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  • Writer's pictureMariana Bertalot

Day to day on board, how's it?

How is the everyday life on board? How do you go to the market? How do you wash dirty clothes?

This and other questions arrive every day in our message boxes and in conversations between friends who don't know the life on board. How about knowing a little more about how life works on our sailboat Trouble Maker.

Chaos inside Trouble Maker after we moved..

To be honest, the everyday life on a boat is not very different from the daily activities of life on land. We have to take care of the sailboat: cleaning, maintenance, organizing spaces for each one's individual activities, just like you do at home!

Organization and Maintenance

Since it is a limited space, there is little organization and there is no way to move forward onto the next task of the day, without making the bed or storing the toys. The limited amount of dishes forces us to face the sink at each meal and on top of that, save water, drying the bathroom after each shower and clean it constantly, especially for those who don't have a shower stall - in our case. I confess that here it is: more boring than taking care of the house because here you can't hide the mess, open a closet door and stuff everything inside. The tiniest little thing out of place “shows up” and gets in the way of everything else.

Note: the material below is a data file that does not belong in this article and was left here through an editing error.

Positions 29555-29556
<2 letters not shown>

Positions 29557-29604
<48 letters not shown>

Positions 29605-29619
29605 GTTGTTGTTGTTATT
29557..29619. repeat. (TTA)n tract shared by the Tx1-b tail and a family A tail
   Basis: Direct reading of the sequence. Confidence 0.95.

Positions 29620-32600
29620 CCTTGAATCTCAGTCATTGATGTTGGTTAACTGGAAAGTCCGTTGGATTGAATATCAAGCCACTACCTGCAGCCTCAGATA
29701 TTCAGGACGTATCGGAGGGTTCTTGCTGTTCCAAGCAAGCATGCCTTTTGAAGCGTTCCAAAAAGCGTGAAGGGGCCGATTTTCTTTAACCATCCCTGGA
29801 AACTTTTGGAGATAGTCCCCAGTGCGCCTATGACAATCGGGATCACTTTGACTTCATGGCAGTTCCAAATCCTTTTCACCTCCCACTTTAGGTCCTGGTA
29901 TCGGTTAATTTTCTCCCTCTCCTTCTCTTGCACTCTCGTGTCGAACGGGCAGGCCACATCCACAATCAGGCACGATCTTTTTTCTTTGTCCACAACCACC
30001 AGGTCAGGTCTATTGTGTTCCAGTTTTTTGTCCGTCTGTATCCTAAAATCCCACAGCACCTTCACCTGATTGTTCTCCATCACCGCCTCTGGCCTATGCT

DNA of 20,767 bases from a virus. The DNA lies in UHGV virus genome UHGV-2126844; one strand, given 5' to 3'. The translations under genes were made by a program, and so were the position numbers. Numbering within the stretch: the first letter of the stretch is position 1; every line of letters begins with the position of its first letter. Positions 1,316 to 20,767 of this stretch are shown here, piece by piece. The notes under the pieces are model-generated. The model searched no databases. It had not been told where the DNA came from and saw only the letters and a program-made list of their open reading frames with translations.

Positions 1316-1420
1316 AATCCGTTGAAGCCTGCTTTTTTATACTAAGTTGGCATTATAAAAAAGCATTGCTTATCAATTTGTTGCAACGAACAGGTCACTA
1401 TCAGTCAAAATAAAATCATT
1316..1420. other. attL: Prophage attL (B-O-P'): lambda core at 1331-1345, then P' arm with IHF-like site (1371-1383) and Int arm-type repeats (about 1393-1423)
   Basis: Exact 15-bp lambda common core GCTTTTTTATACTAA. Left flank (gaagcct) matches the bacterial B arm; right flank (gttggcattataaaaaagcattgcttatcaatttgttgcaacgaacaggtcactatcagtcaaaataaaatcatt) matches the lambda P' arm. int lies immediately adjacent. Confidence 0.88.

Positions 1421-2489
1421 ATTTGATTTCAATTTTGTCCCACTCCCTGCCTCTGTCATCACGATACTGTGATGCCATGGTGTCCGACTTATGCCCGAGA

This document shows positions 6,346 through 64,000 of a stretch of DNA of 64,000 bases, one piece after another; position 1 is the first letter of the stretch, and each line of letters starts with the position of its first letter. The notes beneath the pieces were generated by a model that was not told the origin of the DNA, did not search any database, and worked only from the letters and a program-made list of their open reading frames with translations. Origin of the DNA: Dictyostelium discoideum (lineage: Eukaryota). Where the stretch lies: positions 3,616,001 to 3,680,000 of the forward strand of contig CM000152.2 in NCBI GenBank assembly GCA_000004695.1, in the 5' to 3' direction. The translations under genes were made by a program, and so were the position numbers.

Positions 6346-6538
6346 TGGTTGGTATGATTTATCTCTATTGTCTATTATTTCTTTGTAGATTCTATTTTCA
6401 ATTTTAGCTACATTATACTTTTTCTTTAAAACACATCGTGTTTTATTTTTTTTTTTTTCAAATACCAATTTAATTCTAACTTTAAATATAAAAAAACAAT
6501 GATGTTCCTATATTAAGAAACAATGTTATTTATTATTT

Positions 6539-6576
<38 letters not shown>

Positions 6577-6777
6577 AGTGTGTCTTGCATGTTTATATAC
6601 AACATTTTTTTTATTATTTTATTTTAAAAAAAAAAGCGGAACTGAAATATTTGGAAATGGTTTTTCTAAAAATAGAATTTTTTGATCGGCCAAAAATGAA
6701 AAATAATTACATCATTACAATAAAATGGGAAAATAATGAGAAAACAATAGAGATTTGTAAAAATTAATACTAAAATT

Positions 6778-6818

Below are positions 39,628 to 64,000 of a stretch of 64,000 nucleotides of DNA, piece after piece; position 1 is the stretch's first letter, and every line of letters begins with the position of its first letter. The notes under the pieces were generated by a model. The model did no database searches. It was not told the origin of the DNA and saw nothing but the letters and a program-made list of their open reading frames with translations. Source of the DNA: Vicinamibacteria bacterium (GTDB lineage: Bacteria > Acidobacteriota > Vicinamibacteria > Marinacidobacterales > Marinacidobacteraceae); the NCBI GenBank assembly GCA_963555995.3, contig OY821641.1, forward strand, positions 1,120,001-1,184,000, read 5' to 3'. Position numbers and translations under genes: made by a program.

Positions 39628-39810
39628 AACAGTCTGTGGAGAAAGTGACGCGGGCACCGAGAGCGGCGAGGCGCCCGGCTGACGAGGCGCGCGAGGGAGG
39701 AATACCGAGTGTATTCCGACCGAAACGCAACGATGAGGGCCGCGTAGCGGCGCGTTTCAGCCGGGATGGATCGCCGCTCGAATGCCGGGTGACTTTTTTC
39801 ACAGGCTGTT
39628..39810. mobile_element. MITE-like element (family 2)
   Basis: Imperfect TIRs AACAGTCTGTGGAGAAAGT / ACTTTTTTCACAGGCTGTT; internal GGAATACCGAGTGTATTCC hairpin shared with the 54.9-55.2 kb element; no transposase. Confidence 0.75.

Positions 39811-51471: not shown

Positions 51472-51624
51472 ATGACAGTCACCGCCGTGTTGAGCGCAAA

Trouble Maker stopped for maintenance

Next to tidying up, another task on the boat is maintenance. Although the vast majority of sailors, including us, refuse to do major maintenance in the summer seasons, we are constantly checking the condition of the boat, making small repairs and adding to the winter list. In winter, as it is not possible to sail, in the Mediterranean, "legend has it" that major maintenance is carried out at this time, but at the end of the season the "winter list" is so large that it would need at least 3 winters to complete it!

Market and Laundry

The things we need to do off the boat like washing clothes and shopping are a little complicated, but doable. We stop by the market every time we go to town. We bought a market cart (super tip, buy one if you can) and we continued like this: everyone in the inflatable raft, including our dog, Snow, our bags, backpacks and that market cart. When we arrived, we walked to a market and bought our things, taking out as much packaging as possible, putting the heaviest purchases in the cart and dividing the rest in the bags between the 4 of us, the children actively participate in this task from the execution of the list to carrying the bags. Not to mention going back to the boat with everything full and put it inside. We take the opportunity to buy heavier things like drinks when we have the boat docked closer to the market or in a city where the walk to the market is not too long. Another thing that relieved our purchase was the acquisition of one of those jugs that filter water, running out of juice or wine is tolerable, but without water it is not possible and in that we save a lot of trips to the market, space in the cart, money and garbage!